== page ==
6. The “busys” will never quite get the “burstys”. You can see this in my anecdote at acidlabs. Again, base it around delivery of carefully defined outcomes. The busys will end up being happy if the burstys deliver.

    7. Wrong question. 9 to 5 is the wrong model. Burstys don’t work 9-5. They spend a lot of time in their own, or others’ heads getting the scaffolding around their problems before solving them in what looks to be short period busy work. Don’t count the thinking time as not doing the work.

    This is long. I’m going to post it on my blog as well.

  2. the more i think about it, the more i think an outstanding team will always be comprised of both bursty and busy people. hard to find both characteristics in one person. but small agile teams composed of both characters, in varying balances, should work well. i am “good at sales” but then i forget to send over the paperwork or whatever. i am so focused on the next thing, that I drop a ball. not a good admission to make perhaps. i am great at breakthroughs, but the ongoing day to day job of administration- i am terrible at. My colleague Cote on the other hand is both bursty and busy which is why he is such a gem, one which is becoming more polished every day.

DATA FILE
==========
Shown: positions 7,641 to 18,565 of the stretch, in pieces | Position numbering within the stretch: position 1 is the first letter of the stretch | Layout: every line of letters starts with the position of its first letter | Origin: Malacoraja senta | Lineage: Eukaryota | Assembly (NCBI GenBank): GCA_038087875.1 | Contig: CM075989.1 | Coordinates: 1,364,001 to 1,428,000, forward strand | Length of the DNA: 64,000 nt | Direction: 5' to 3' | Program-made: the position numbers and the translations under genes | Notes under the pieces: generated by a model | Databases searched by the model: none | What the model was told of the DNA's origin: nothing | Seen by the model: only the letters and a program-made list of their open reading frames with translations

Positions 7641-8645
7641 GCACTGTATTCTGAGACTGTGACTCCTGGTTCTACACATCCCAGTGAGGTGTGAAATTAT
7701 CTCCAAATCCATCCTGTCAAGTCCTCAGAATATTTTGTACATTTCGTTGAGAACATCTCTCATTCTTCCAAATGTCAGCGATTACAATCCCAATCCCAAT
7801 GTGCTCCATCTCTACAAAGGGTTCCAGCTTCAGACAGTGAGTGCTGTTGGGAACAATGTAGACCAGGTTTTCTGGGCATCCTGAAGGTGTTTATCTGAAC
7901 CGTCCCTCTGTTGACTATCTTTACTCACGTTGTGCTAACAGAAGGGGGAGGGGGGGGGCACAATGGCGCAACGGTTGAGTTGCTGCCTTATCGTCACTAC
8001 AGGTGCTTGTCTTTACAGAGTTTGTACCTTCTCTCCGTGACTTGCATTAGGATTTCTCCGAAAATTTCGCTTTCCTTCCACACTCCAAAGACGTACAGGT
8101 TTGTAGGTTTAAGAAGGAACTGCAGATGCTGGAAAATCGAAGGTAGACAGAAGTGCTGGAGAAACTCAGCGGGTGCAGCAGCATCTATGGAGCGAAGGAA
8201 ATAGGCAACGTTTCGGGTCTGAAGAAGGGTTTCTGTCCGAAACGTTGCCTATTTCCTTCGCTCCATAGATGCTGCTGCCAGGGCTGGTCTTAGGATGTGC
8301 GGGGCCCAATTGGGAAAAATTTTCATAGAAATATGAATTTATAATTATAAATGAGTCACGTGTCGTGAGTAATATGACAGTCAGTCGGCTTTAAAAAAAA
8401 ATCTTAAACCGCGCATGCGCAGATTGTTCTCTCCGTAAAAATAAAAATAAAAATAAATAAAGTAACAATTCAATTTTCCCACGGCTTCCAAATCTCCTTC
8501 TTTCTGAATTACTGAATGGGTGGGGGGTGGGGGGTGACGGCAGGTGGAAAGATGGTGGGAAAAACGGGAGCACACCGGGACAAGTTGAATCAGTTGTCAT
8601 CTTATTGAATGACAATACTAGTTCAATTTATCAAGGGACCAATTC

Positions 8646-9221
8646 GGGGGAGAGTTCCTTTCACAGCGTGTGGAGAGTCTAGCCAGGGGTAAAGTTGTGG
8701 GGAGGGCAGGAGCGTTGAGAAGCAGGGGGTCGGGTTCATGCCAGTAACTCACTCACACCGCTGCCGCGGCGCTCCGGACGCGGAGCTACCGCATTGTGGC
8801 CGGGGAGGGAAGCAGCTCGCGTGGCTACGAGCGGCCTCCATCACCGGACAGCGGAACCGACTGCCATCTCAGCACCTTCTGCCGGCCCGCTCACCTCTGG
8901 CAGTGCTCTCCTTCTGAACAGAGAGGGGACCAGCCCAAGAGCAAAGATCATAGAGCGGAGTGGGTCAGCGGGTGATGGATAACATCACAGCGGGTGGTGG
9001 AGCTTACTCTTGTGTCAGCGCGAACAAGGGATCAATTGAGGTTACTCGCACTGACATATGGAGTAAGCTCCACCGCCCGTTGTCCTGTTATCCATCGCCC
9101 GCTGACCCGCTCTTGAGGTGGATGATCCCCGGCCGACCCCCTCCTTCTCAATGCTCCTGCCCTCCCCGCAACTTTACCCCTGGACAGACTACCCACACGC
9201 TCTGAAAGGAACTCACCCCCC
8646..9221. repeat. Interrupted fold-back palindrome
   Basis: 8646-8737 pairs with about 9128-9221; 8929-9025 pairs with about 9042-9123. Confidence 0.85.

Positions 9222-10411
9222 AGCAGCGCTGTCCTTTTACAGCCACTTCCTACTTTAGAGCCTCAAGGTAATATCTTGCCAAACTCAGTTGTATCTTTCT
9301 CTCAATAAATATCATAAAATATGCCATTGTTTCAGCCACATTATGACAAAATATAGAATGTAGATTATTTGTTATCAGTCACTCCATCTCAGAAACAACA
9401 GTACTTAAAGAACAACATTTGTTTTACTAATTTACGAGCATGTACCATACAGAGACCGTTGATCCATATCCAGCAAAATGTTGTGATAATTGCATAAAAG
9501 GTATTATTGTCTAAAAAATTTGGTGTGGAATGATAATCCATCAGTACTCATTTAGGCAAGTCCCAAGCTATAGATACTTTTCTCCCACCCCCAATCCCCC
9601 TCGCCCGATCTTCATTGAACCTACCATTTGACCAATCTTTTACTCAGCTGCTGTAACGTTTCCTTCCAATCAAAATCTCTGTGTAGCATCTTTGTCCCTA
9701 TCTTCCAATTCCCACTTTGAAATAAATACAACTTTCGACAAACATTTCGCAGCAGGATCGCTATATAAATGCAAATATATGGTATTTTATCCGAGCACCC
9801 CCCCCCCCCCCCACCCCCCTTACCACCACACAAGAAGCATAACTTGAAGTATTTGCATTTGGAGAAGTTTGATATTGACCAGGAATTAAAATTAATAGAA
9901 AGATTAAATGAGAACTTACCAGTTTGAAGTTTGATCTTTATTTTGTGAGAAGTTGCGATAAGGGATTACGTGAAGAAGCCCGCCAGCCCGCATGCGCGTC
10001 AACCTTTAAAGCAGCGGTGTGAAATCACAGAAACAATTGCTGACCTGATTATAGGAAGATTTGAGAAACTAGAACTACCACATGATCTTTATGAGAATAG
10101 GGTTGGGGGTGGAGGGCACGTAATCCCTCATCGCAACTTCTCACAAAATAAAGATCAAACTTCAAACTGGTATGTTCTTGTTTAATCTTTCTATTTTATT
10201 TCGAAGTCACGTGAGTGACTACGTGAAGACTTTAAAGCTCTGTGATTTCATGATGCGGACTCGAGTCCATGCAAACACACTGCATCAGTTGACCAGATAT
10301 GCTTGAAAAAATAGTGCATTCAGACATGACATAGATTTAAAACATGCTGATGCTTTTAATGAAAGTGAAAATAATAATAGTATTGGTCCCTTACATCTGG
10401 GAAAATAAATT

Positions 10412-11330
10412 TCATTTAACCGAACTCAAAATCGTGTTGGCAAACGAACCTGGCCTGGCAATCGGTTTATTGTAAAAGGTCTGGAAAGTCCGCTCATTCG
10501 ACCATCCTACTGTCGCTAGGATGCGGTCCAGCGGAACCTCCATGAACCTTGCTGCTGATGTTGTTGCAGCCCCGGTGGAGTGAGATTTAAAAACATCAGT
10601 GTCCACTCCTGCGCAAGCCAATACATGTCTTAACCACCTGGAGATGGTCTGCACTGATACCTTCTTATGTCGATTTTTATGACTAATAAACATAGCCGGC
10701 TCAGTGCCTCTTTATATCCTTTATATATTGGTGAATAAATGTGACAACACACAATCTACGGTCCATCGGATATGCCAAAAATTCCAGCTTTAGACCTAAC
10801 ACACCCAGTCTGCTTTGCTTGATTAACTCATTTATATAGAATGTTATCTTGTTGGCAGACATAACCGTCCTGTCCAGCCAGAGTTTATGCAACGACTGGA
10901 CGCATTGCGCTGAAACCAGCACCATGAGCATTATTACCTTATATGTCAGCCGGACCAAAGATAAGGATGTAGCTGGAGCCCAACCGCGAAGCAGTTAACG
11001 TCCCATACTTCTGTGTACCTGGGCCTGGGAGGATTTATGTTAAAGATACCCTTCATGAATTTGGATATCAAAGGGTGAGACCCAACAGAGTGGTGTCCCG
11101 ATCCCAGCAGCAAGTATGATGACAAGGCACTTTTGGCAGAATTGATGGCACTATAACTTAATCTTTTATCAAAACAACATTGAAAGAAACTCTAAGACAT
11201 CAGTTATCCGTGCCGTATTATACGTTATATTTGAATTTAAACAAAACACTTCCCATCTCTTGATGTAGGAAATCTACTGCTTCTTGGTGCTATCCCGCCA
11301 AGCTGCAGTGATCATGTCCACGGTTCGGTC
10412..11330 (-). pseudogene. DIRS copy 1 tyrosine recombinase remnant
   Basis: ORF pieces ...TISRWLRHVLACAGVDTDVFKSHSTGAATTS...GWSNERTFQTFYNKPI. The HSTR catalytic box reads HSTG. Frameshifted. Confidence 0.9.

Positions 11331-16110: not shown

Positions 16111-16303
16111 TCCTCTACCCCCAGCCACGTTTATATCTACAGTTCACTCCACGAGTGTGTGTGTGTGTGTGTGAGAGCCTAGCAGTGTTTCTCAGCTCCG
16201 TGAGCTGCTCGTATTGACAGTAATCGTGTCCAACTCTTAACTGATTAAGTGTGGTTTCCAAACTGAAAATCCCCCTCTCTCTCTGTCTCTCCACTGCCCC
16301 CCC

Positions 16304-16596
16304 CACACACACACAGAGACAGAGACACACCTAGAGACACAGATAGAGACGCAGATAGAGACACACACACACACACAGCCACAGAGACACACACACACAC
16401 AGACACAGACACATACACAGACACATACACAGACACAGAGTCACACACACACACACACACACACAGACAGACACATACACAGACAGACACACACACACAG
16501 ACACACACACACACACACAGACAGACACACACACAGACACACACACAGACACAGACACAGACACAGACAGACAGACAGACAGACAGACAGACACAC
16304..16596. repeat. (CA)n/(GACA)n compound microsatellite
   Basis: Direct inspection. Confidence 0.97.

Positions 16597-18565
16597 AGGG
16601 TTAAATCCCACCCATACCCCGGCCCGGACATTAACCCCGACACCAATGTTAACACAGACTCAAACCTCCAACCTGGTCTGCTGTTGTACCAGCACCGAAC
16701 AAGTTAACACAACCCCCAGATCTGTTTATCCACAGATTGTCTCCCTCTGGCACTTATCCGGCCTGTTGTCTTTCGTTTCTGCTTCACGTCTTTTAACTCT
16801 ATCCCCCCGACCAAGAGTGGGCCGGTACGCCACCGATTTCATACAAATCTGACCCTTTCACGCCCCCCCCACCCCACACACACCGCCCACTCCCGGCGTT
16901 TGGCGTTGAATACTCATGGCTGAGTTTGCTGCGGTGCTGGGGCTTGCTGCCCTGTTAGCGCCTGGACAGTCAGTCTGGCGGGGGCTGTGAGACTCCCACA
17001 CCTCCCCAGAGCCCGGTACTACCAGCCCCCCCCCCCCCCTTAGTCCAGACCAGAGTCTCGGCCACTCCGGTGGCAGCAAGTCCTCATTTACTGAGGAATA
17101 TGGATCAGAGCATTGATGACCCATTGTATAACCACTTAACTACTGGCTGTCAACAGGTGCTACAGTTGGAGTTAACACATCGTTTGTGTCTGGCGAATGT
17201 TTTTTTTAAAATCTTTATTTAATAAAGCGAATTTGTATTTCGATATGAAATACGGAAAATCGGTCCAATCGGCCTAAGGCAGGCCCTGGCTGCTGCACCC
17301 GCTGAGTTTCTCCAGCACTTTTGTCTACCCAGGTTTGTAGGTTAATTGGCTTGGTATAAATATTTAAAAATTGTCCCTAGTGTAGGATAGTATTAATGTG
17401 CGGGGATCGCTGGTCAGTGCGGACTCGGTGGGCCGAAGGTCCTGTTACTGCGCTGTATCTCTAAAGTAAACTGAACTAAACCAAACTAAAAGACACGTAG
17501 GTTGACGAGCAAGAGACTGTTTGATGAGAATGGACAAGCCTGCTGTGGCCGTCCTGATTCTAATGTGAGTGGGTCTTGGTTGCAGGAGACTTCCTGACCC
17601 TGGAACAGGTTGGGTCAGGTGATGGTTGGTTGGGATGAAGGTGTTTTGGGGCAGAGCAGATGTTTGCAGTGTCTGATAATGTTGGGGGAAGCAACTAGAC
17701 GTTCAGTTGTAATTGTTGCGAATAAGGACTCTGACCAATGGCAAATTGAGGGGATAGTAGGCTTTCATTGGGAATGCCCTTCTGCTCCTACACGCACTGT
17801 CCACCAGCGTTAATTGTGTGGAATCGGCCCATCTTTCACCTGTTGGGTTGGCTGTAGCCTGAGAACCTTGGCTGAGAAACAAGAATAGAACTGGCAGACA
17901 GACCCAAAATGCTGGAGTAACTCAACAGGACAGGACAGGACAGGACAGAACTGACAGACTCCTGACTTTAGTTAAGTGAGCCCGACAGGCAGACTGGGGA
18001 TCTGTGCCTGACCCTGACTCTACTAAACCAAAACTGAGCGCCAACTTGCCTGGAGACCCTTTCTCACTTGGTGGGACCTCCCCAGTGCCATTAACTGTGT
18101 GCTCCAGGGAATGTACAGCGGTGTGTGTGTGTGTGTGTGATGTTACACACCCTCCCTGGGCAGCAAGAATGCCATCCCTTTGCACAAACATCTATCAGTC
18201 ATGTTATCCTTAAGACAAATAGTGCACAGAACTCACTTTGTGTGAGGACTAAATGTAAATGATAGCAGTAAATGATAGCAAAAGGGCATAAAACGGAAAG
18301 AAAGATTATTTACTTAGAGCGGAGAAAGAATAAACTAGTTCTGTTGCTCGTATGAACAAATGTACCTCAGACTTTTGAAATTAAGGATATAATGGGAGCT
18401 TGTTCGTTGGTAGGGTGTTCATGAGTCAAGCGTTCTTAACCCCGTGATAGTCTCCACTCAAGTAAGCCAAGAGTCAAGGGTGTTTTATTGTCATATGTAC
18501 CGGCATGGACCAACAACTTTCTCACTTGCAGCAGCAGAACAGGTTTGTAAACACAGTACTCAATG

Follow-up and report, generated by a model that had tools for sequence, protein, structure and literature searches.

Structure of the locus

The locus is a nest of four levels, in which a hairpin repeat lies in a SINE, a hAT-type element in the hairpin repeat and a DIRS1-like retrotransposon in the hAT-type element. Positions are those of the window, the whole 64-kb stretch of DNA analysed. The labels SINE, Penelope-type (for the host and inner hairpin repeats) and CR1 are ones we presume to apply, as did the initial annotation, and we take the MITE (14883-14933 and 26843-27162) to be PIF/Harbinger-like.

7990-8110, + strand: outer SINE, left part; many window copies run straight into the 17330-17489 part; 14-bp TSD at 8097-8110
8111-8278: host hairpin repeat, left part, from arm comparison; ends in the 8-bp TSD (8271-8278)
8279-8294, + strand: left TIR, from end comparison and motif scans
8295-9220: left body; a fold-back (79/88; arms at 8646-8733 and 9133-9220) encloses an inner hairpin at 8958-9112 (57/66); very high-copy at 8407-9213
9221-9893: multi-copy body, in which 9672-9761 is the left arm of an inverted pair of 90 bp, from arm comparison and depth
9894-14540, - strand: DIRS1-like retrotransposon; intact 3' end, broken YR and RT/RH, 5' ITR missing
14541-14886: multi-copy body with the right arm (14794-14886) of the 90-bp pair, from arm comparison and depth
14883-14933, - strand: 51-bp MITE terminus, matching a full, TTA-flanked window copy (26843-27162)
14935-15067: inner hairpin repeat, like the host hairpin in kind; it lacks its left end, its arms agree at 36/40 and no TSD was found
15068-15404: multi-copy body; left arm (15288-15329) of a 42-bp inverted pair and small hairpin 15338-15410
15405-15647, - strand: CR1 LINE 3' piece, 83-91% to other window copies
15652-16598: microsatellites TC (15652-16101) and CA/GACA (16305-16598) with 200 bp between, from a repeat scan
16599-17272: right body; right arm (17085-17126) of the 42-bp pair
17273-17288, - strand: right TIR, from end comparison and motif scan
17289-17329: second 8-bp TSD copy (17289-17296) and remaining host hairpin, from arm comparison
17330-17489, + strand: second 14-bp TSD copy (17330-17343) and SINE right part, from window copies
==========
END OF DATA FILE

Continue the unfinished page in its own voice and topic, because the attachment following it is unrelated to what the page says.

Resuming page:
3. The other aspect to this “hyperconnectivity” is the burstiness of work.

    Professionals, and those who are not being actively key-logged by their managers are bursting on/off “work”

    And what is “work” anyway?

  4. oh, and Moof! is the sound Clarus, the DogCow (former mascot of Apple’s Developer Evangelism team).

    Before Apple got all serious, insular and medaevil.

  5. @james agree you need diversity otherwise team and organisations fail. There is a whole another post on this topic!

    @Steven thanks for taking the time to post such a long comment. Where an organisation/job/culture can support these concepts your answers are right on the money. The challenge is in the execution of these plans and the change management program need to move most organisations/managers/employees into this model, (note to self begin thinking about a post on this). However I still feel there might be roles that just don’t suit this working style. Oh and thanks for the tip on your wifes new blog!